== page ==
Fancier versions have built-in alarms to remind you that it’s time to take pills and sensors that link to apps you can set to communicate with others—if, for instance, you want a family member to know you are on track with your pills. You can even get boxes with vibrating alarms or braille lettering for people with hearing problems or vision challenges.
Smart strategy: Once you have a pillbox, pick a regular refilling day and time (add it to your calendar!)…and put your box where you will see it at medication time.
• Use sticky notes. The beauty of these little slips of paper is that you can put them anywhere and move them as needed.
Smart strategy: Whenever you have an errand to run or a task that needs to be done on a certain day, place a sticky note in a visible spot as a reminder. If the sticky note doesn’t attach to the surface you’re using, tape it to the door (or the handle of your bag) so that you’ll see it when you’re leaving your house.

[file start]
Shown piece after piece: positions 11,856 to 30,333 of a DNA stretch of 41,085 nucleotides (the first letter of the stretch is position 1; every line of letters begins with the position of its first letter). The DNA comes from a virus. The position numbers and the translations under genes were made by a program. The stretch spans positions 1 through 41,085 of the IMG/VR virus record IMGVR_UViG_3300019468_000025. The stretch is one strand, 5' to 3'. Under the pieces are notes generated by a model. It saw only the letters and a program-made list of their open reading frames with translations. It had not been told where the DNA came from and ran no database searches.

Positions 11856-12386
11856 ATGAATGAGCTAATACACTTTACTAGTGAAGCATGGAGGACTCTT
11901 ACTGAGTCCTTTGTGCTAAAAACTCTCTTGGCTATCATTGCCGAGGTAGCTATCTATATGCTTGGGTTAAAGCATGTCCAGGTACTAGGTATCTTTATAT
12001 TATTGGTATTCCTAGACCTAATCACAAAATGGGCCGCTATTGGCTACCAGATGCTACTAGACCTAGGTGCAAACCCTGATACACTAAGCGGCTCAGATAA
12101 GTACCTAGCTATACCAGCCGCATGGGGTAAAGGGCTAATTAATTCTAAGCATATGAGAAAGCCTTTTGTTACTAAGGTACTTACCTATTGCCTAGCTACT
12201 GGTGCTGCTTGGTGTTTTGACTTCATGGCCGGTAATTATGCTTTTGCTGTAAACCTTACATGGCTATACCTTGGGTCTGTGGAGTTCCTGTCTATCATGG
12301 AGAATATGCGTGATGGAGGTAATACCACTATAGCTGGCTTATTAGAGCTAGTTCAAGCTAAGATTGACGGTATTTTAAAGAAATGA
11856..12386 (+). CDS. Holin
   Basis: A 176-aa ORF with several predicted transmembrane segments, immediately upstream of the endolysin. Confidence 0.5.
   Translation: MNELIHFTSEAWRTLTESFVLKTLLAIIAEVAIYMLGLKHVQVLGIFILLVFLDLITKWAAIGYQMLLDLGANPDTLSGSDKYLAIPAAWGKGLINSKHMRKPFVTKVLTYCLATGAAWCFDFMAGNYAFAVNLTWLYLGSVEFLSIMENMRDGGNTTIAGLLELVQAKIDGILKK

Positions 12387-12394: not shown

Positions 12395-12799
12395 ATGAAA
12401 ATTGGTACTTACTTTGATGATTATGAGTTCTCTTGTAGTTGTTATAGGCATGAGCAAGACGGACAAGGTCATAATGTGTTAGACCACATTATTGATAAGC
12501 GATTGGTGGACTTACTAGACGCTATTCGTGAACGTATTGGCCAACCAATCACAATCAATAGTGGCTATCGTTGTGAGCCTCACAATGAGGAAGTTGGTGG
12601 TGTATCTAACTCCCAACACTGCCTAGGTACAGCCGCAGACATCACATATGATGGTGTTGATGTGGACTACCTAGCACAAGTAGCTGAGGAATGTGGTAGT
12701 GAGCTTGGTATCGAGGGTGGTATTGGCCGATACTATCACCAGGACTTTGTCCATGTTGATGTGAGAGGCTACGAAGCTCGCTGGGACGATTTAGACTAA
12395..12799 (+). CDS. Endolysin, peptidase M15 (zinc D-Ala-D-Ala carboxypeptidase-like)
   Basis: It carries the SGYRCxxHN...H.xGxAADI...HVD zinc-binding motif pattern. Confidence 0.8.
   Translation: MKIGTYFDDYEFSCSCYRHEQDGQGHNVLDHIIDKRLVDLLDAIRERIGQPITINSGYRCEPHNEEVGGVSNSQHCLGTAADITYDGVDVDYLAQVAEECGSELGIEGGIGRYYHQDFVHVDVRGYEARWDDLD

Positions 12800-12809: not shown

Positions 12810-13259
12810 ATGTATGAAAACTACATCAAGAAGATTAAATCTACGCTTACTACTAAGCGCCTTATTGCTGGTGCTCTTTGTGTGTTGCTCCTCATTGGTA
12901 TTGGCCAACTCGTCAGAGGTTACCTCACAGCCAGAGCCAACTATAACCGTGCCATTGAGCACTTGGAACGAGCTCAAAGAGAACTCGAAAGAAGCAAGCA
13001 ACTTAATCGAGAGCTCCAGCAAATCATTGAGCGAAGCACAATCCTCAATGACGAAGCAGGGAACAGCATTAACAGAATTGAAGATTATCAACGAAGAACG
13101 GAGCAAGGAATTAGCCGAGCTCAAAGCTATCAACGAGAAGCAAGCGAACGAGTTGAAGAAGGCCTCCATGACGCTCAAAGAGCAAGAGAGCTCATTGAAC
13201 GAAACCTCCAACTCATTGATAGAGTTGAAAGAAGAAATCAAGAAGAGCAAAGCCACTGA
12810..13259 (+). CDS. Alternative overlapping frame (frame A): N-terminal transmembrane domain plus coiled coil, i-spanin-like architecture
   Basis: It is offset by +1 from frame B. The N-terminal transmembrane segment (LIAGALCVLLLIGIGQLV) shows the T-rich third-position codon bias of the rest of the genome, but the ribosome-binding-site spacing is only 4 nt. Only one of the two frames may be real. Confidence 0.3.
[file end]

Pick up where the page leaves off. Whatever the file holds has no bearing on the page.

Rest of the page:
The Golden Rules
To get the greatest benefit from memory aids, follow these rules…
Rule #1: Don’t delay. When you make an appointment, write or type it into your calendar immediately. When the alarm goes off, go get the laundry, take your pill or make your call.
Rule #2: Keep it simple. Have one calendar, not four.
Rule #3: Make it routine. When you use your memory aids all the time, they become automatic and easier to use—even when you get tired, distracted or rushed.